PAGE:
Radha Sharan elucidates the concept of gender equality and the challenges that might be inflicted. The paper also specifies that the notion of gender equality, however, shall not create any different kind of disparity in the urge to equalize.
Gender equality is an issue that has long plagued Indian society despite the voluminous developmental stages that the country has been undergoing. However, the bias on the ground of gender cannot be silently endured. With advancements in almost every field, including education, women, who have long been the victim of this social crime, have been hogging the lime-light just as rightly as the other gender. They are redefining themselves, and this new raging definition of theirs is nothing like the one that used to be. The scenario is no longer the same as was back in the day, but to say , with time, gender equality in the country has died, would just be wishful thinking.
What is Gender Equality?
Gender Equality is when all men and women enjoy the same privileges, opportunities and the same rights across all the sectors of society, be it in the economic sphere or in decision-making, and when the presence, needs, opinions, aspirations and abilities of both the genders are valued on the same level and in the same way.
The question now is on why we need gender equality. The lack of gender equality, especially in such an era where a good number of women have risen to be as equally able and ready for challenges as men, shows a kind of backwardness and raises doubts on the governance of the country. Gender equality is a development priority. India ranks 132 out of 187 countries on the gender inequality index, according to the United Nations Development Program’s Human Development Report 2013. The report found that all countries in South Asia, with the exception of Afghanistan, were a better place for women than India.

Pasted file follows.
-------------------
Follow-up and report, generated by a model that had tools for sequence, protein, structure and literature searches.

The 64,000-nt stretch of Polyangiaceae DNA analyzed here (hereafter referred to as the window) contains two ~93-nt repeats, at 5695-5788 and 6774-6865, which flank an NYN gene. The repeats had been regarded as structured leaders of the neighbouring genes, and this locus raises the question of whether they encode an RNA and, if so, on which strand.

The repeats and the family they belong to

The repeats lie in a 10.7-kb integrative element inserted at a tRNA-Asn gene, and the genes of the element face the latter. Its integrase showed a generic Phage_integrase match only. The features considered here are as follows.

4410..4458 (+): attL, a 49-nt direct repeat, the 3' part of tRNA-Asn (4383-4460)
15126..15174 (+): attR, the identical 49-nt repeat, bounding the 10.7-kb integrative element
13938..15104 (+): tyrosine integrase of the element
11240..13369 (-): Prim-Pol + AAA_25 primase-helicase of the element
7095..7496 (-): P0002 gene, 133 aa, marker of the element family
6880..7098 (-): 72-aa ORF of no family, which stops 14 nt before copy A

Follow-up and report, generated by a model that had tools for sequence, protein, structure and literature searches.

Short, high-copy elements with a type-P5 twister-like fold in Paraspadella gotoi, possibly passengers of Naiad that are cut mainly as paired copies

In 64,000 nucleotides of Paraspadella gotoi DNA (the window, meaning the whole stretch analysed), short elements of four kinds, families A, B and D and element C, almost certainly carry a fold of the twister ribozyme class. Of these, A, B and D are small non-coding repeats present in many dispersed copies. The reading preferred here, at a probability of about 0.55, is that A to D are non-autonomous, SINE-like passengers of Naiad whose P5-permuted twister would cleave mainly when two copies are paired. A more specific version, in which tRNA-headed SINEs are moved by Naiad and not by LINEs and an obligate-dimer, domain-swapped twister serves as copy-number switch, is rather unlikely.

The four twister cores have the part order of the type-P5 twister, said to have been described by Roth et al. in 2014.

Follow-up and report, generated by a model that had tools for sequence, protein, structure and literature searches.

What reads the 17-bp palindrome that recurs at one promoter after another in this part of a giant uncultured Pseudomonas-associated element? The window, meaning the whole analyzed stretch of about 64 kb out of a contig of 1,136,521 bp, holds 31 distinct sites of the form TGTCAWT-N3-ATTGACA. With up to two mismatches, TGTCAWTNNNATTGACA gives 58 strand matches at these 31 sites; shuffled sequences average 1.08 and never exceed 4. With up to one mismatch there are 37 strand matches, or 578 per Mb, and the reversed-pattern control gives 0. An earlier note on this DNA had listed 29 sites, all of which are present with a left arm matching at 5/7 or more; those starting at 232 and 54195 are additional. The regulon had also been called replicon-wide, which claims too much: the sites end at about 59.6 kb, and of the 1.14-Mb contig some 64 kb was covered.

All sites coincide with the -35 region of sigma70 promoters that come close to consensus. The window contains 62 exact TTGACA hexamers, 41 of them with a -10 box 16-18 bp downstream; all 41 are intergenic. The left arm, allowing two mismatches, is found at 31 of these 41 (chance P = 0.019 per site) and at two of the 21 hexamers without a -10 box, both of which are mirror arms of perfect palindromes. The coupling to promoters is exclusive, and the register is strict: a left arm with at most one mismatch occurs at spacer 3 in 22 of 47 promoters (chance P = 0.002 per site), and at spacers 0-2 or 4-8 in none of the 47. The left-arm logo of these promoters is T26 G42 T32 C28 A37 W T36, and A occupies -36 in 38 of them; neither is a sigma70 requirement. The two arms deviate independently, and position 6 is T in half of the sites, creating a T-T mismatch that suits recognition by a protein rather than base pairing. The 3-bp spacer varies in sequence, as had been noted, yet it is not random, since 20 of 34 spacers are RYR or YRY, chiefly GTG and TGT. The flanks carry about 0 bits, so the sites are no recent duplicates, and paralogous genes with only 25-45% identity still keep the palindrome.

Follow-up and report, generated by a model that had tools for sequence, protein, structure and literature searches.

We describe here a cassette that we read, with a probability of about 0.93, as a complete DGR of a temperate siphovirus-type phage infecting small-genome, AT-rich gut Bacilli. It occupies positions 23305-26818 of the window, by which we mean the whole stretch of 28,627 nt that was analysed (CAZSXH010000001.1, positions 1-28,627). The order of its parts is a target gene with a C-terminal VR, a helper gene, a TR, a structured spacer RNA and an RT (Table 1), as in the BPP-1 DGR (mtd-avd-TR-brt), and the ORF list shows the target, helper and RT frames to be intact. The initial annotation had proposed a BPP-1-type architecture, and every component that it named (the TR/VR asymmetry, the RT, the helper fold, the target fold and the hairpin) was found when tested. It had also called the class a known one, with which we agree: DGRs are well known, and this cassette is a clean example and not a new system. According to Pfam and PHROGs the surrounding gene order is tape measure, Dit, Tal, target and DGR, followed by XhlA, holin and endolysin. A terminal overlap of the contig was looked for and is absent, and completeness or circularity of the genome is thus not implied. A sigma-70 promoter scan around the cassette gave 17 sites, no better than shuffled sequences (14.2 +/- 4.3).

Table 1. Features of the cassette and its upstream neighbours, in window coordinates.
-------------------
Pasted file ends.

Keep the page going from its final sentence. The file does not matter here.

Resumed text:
The report notes, “gender equality is especially tragic not only because it excludes women from basic social opportunities, but also because it gravely imperils the life prospects of future generations.” The UNDP study says that only 29% of Indian women above the age of 15 in 2011, were part of the country’s labour force, compared to 80.7% men.
Gender inequality can be seen in the lack of basic facilities for women, in the mortality rates and in the ugly reality where a male child is preferred over a female. This is reinforced by the outdated traditions of society where women are not allowed to inherit property and where they are received with distaste on their participation in the public domain. The women in northern states in India live through more pronounced disparities and domestic violence. Women and girls in Uttar Pradesh suffer physical abuse at rates of 18-45percent, non-consensual sex at rates of 18-40 percent, and physically forced sex at rates of 4-7 percent. The female gender faces more hardships and are facing the brunt of this evil known as gender inequality and this is evident almost everywhere.
In the field of education, a large number of girls aren’t privy to attend schools and get an education. Parents in the rural areas openly choose sending their boys to school rather than their girls. Even in the film industry, male actors are better paid than the actresses. Bollywood actress Anushka Sharma quite recently said, Such a scene is sadly mirrored in almost every sphere.
It is true that the topic of gender equality is gaining prominence and why not! It is the need of the hour. It must be realized that the all-round development of the country will never be possible in the midst of these disparities, these inequalities. But one must make sure that equality for women does not turn into inequality for men. The cry should be to equalise the genders and not to create a different kind of disparity. Emma Watson, UN Women Goodwill Ambassador, said, “I was appointed six months ago, and the more I have spoken about Feminism, the more I have realized that fighting for women’s rights has too often become synonymous with man-hating. If there is one thing I know for certain, it is that this has to stop.”
For gender equality to become a reality, women must be encouraged to challenge the restraints and chains that tradition binds them in; they must voice whatever they feel is wrong, speak bravely against crimes, condemn all injustice, and follow their dreams, regardless of what holds them back. The gap between the two genders has for long been neglected but it can be bridged, not instantaneously of course, but with time women can enjoy rights as equal to men and live in a society without misogyny or misandry.